Regulatory authorities such as the US Food and Drug Administration and European Medicines Agency face continual criticism for their plodding pace of drug approval decisions. In 2009, the last year for which complete data are available, the median time for a standard review of a drug application in the US was 13 months—30% longer than the agency's target for such reviews. But even with this situation, it's undeniable that both agencies devote far more human and financial resources to the process than most other countries can afford to spend on their own.

To keep up, many other medical regulatory authorities are banding together with one another to share the expertise and clinical results needed to make faster decisions. On 20 June, for example, New Zealand's Prime Minister John Key announced that the establishment of the Australia New Zealand Therapeutic Products Agency—stalled for several years—would proceed as planned. And, the month before, as the World Health Organization (WHO) held its annual assembly in Geneva, a concurrent meeting of health ministers from countries in the Gulf Cooperation Council approved pricing standards for drugs in its six member states from across the Arabian Peninsula.

“There is increasing cooperation and work sharing between regulators,” says Lembit Rägo, coordinator of Quality Assurance and Safety for Medicines at the WHO in Geneva and author of an April 2011 report on international harmonization of regulatory efforts (Clin. Pharmacol. Ther. 89, 503–512, 2011).

Delays are often worst in what the WHO calls “less-resourced countries,” because in some cases those countries wait until a trusted authority such as the FDA or EMA has approved a drug before making a decision. The WHO has estimated that 90% of drug regulatory agencies in sub-Saharan Africa faced circumstances that hindered their function and could impede their ability to guarantee the safety of medicines within their borders.

Taking pointers: Regulators heed advice. Credit: istockphoto

To make the situation even more daunting, many drugs that have potential use in developing countries—such as those for tropical disease—may not be priorities in North America and Europe. As such, they face longer delays between development and reaching their target markets.

What's more, drug approvals in one part of the world are not always applicable elsewhere, as the case of Sanofi's Priftin (rifapentine) shows. The FDA approved the French drugmaker's tuberculosis drug on the basis of clinical trials that excluded HIV-affected individuals, even though these are the people who would constitute 70% of the sub-Saharan African market, according to a recent paper calling for more coordinated review of medicines for neglected disease (PLoS Med. 8, e1000411, 2011). “Streamlining and coordinating regulatory approval could bring new medicines—and better health—to literally millions of patients in the developing world,” says lead study author Mary Moran of Policy Cures, a health-policy analysis firm in Sydney.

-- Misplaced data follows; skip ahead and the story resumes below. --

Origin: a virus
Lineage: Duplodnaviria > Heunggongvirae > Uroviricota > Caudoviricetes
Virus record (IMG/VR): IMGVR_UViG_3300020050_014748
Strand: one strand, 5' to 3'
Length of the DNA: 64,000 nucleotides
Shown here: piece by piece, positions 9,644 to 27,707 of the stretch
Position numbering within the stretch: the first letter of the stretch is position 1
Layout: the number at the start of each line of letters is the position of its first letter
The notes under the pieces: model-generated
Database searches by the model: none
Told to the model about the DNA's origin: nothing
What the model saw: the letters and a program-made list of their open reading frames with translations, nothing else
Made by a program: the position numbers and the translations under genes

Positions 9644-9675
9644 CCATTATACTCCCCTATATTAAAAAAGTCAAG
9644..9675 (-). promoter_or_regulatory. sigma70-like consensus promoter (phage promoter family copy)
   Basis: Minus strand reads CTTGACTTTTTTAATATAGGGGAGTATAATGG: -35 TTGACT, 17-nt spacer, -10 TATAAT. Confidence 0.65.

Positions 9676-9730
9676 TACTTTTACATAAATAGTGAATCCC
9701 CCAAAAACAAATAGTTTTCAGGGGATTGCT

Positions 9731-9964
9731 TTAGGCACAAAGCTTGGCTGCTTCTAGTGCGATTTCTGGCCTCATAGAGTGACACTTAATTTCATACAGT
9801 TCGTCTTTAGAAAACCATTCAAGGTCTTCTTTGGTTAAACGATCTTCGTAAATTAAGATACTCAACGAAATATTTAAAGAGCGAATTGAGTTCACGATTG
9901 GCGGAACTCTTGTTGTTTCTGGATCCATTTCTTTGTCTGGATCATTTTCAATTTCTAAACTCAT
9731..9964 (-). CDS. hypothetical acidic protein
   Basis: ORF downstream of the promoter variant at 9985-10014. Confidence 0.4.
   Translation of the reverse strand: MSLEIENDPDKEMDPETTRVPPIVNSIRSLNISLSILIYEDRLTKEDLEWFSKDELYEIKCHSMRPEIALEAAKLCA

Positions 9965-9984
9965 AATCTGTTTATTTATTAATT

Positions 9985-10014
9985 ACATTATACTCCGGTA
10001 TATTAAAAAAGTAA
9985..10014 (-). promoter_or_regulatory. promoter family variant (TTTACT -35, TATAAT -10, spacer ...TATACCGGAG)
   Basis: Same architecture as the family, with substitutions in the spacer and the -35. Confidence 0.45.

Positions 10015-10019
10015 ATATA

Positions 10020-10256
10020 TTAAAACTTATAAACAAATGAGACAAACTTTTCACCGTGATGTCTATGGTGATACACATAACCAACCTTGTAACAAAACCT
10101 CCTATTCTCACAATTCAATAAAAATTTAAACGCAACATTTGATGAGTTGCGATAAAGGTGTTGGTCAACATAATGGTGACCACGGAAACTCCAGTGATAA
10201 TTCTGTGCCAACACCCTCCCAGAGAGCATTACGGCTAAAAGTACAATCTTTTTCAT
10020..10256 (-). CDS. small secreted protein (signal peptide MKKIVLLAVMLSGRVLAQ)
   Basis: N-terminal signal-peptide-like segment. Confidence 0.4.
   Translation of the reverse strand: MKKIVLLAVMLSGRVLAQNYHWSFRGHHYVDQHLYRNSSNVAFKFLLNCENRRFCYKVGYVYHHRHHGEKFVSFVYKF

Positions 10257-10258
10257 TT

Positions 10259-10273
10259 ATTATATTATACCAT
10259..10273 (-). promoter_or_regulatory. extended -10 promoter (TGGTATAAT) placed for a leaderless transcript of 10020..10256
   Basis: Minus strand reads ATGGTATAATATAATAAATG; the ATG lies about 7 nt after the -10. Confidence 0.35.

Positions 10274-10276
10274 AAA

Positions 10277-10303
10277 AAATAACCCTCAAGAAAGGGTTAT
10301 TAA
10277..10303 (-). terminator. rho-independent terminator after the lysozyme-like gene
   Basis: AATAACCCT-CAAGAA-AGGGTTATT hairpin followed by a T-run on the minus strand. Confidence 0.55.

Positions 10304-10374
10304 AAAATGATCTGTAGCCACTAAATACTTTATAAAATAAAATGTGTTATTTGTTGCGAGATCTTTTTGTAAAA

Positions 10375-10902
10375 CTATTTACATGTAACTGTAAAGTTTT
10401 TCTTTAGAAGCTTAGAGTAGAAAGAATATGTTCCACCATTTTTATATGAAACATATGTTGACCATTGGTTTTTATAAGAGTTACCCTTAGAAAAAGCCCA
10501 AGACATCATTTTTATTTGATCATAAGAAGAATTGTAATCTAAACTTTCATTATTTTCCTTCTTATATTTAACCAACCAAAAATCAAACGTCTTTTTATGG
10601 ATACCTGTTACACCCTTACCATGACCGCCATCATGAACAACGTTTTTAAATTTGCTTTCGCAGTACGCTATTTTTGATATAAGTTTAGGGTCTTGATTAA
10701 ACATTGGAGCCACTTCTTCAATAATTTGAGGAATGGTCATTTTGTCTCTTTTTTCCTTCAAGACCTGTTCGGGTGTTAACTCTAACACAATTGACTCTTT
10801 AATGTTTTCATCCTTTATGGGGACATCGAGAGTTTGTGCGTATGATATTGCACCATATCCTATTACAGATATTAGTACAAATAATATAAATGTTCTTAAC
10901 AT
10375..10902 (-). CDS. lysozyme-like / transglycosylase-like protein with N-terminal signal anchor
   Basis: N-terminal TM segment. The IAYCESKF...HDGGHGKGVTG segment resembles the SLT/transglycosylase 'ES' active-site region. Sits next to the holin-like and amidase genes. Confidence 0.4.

Hoping for harmony

When it comes to the matter of regulatory collaboration, the East African Community may be furthest along among regional efforts in Africa. Its harmonization initiative held a startup meeting in 2007 in Geneva to adapt regulatory guidelines from the WHO. Despite holdups, last year its members won a one-year pilot grant from the Bill & Melinda Gates Foundation to launch a program for consolidating the technical requirements makers of new drugs must submit for approval, among other efficiencies. The New Partnership for Africa's Development, an economic growth program of the African Union, has also been coordinating an initiative within the continent since 2008, with the goal of speeding drug registration.

Countries that would share their drug approval processes face other challenges, such as establishing common standards for laboratory quality control and agreeing on how to review the post-marketing efficacy of a drug. To streamline drug reviews, most wealthy countries are parties to the International Conference on Harmonisation of Technical Requirements for Registration of Pharmaceuticals for Human Use (ICH), a set of guidelines developed by pharmaceutical makers and government regulators. For even more help, some participate in separate work-sharing agreements, such as Switzerland, Canada, Australia and Singapore, who signed one in 2006.

New Zealand has taken this one step further. In 2008, the country elected to recognize some regulatory decisions from other countries rather than complete full evaluations. At the time, its regulatory agency, the Medicines and Medical Devices Safety Authority (Medsafe), had a backlog of 360 drug applications, including those for both new and generic medicines, and took more than three years to complete an approval on average, according to a presentation by Medsafe group manager Stewart Jessamine at the International Conference of Drug Regulatory Authorities meeting in Singapore last November.

Devoting its resources to the generic drugs that make up most New Zealand applications allowed Medsafe to refer over 60% of new medicines to the abbreviated approval process, which takes fewer than 200 days on average. “The preferred strategic solution, however, is that Medsafe join with the Therapeutic Goods Administration of Australia,” Jessamine says, a merger delayed since 2007 that will now resume.

Pharmaceutical producers welcome a unified regulatory environment. “This is where it's moving to,” says Paul Herrling, head of the Novartis Institutes for Developing World Medical Research in Basel.